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The Tangerine

The Student News Site of Utica University

The Tangerine

Utica University and SUNY Oneonta reach EAP ABSN agreement

Utica President Todd Pfannestiel and SUNY Oneonta President Alberto Cardelle signing the ABSN agreement. /Photo courtesy of Adrienne Smith

Announced officially on Jan. 24, Utica University and SUNY Oneonta have established an Early Assurance Program Accelerated Bachelor of Science Nursing Agreement, or EAP ABSN. 

The agreement, according to Utica University President Todd Pfannestiel, will allow students from SUNY Oneonta who have already completed their bachelors degree to transfer to Utica University and earn a Bachelor’s degree in Nursing. 

“It started out of a joint interest between their president and our’s at the time, Laura Casamento,” Pfannestiel said. “We were trying to grow our second degree nursing program, and so we were looking for opportunities to partner with other colleges.” 

Upon completing any of a variety of Bachelor’s degrees, SUNY Oneonta students will be able to transfer to Utica University’s Syracuse, Latham, or St. Petersburg locations to complete the accelerated program, Pfannestiel said. 

“We’re trying to attract students who were maybe not thinking nursing when they came in, but are now,” Pfannestiel said. “Now, students can do all the courses they need to do to be able to sit for your certification, your licensure exam, in just sixteen months.” 

The speed of the program is thanks to the intensive coursework students undertake in the program, according to the Chair of the Nursing Department at Utica University Doreen Rogers

“Students in the program go for four semesters in a row,” Rogers said. “There is no summer break, they go all year round.” 

However, Rogers said Utica will not give students coming in any coursework they may have already completed, which could lessen the workload.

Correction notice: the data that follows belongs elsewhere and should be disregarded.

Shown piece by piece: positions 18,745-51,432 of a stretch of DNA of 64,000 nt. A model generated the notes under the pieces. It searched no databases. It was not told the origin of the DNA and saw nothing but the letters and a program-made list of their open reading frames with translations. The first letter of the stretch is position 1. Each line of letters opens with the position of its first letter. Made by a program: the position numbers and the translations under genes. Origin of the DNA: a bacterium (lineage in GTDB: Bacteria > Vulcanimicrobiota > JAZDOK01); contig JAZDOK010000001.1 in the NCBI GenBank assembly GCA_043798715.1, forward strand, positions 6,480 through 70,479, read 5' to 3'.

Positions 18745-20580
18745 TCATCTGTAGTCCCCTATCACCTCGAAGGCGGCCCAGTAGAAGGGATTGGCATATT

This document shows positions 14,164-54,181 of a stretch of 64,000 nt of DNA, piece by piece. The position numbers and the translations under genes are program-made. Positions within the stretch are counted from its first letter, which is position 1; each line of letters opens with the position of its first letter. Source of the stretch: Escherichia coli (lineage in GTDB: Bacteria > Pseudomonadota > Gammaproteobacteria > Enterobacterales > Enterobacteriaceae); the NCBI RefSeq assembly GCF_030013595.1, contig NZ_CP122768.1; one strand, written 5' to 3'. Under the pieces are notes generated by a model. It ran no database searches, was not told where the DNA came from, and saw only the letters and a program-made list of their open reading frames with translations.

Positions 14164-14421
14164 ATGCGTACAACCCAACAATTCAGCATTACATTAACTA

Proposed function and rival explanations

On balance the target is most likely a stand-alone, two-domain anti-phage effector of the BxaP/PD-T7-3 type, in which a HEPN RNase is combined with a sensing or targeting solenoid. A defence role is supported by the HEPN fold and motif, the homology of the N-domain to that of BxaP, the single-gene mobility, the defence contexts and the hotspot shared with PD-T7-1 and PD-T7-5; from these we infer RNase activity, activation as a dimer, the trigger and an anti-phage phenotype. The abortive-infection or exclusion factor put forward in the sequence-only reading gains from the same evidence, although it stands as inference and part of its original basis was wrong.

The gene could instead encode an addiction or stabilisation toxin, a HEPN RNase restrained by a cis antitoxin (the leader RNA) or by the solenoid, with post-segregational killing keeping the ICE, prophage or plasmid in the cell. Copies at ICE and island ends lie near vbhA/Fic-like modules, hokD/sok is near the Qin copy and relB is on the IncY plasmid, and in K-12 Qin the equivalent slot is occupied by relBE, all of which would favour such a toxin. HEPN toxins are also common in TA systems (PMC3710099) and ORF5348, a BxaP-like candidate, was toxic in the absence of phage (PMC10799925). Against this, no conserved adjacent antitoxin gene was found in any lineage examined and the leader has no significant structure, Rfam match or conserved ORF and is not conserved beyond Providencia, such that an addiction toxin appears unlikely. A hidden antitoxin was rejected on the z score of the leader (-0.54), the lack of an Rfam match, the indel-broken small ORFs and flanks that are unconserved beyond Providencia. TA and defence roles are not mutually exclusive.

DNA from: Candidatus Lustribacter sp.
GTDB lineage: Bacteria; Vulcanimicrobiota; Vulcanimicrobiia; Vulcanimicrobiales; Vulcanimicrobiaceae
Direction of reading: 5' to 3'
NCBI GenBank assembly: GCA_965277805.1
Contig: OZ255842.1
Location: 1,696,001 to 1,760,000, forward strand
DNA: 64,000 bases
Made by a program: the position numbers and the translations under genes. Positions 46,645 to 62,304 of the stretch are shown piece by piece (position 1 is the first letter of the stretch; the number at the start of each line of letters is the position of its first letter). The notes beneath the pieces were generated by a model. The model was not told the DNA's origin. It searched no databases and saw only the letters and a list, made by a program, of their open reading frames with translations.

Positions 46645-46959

Interim Provost Stephanie Nesbitt expanded upon the ease of access for transferring students due to the agreement. 

“With these types of programs, there is dual enrollment or automatic transfer,” Nesbitt said. “Basically, it means that if you are accepted into this program and meet these criteria to get into the second program, you won’t have to reapply or wait.”

Nesbitt said there is potential for future partnerships with other universities, particularly mentioning a collaboration involving the field of physics and engineering. 

“We are looking for the right opportunities, where our students can get something from a partner, or a partner’s students can get something from us,” Nesbitt said. “It is cooperation in higher education that makes the combination of degrees and disciplines interesting.”

As far as specific schools go, Pfannestiel was quick to mention an interest in partnering with Syracuse University. 

“A lot of great discussions that I’ve had recently have been with Syracuse University,” Pfannestiel said. “Their chancellor came and visited our office, and we talked about what we could do together. There are things they do better than us, and there are things we do better than them.” 

Ultimately, Pfannestiel said making Utica University as collaborative and academically social of an institution as possible is a goal, with the SUNY Oneonta ABSN agreement being one marked accomplishment of hopefully many.

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Kayden Lamphere
Kayden Lamphere, Special Assignment Reporter

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